Job prospects in the medical industry are rosier than perhaps anything but I.T. right now, but landing the job of your dreams isn’t a foregone conclusion.
To do so, you’ll have to stand out from the crowd and impress the powers-that-be at the institutions you’re interested in working at. That means mastering the art of the interview…and part of that means decoding what the interview questions really mean.
Look over our handy guide and you just might be doing yourself and the hospital you’re courting a favor …
In addition to tough questions, there are a number of sticky situations you might find yourself in for a medical job interview. Below are a few examples, along with some suggestions for a little interview-First-Aid:
You underdressed for the interview – Whether you’re applying for a technician or surgical position, men should wear a tailored suit (or at least a new button-down shirt) with conservative tie. Women, business attire – specifically, attire that makes you look neither frumpy nor tarty. Whether you wear pants or a skirt, make sure whatever you wear is comfortable for you. When in doubt, stay away from cologne or perfume – too much of either can be more of a turn-off to interviewees than overly-casual or provocative clothing.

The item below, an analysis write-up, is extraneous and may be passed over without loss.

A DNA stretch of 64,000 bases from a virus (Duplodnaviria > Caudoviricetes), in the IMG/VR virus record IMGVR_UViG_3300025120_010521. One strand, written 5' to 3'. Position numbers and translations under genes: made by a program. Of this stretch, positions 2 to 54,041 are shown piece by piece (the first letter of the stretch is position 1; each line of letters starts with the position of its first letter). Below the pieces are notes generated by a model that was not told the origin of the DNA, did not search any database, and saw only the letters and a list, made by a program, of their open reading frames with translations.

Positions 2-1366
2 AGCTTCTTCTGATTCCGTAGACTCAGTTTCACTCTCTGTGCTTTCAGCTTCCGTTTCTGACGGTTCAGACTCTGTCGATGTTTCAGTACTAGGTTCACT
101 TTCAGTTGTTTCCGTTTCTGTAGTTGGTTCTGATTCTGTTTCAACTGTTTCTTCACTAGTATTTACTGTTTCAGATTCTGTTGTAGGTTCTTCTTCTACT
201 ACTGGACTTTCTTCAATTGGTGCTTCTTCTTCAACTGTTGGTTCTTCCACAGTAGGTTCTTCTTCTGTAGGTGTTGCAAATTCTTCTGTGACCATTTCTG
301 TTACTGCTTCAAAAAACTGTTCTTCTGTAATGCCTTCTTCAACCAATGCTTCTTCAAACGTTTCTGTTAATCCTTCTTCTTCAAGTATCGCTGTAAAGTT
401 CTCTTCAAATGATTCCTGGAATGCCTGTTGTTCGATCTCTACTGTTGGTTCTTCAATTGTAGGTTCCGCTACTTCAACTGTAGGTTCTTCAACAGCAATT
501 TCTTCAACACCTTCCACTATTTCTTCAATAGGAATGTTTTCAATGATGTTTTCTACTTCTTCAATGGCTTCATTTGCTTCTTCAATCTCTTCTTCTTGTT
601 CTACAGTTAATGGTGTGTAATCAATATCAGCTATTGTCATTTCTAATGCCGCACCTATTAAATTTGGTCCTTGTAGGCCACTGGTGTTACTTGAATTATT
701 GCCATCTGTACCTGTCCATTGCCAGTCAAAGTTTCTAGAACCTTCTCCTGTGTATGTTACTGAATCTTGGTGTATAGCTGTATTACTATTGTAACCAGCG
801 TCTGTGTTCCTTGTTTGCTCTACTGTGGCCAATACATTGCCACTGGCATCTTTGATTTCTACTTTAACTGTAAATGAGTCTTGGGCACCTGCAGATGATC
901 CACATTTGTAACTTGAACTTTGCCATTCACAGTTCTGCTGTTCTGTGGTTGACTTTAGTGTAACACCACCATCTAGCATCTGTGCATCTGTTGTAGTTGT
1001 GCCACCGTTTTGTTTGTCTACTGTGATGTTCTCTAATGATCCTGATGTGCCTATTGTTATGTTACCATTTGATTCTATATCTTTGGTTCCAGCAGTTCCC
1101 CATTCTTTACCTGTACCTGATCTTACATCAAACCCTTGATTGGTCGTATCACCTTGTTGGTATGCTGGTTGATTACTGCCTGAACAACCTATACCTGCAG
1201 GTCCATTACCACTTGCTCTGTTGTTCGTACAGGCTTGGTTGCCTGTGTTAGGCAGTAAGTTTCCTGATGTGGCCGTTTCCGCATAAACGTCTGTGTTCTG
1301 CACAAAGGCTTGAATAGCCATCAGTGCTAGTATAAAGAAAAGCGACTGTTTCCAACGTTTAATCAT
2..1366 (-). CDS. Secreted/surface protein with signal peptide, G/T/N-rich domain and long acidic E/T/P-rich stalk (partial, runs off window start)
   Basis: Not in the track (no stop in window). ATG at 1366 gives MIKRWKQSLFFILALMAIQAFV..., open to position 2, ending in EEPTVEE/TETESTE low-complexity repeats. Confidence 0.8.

You surprised the interviewer with special requirements on your part – No panel wants to find out halfway through an interview that you’ll be unavailable to start until after they need you, or that your salary expectations are well outside the amount they’ve budgeted for. Instead, be up-front with anything that would catch interviewers off-guard. If you’ve committed to a personal or professional trip that takes place during what would potentially be your first few weeks on the job, let the hospital or clinic know as soon as you get the interview.
You mentioned offers other institutions have made – Don’t play hard-to-get: No matter how much an employer may be interested in hiring you, hearing about all the other offers you could take instead of theirs (if they make one) is a definite turn-off.
Job interviews don’t have to be a minefields or train-wrecks: as a medical professional, you can look at the process as a way to get to know what could be the perfect workplace…and as another way to get to know yourself.
How’s your job search going? Have you had more dream interviews than nightmares? Have you encountered any of the questions above? How did you answer them? Leave a comment below and tell us how it went..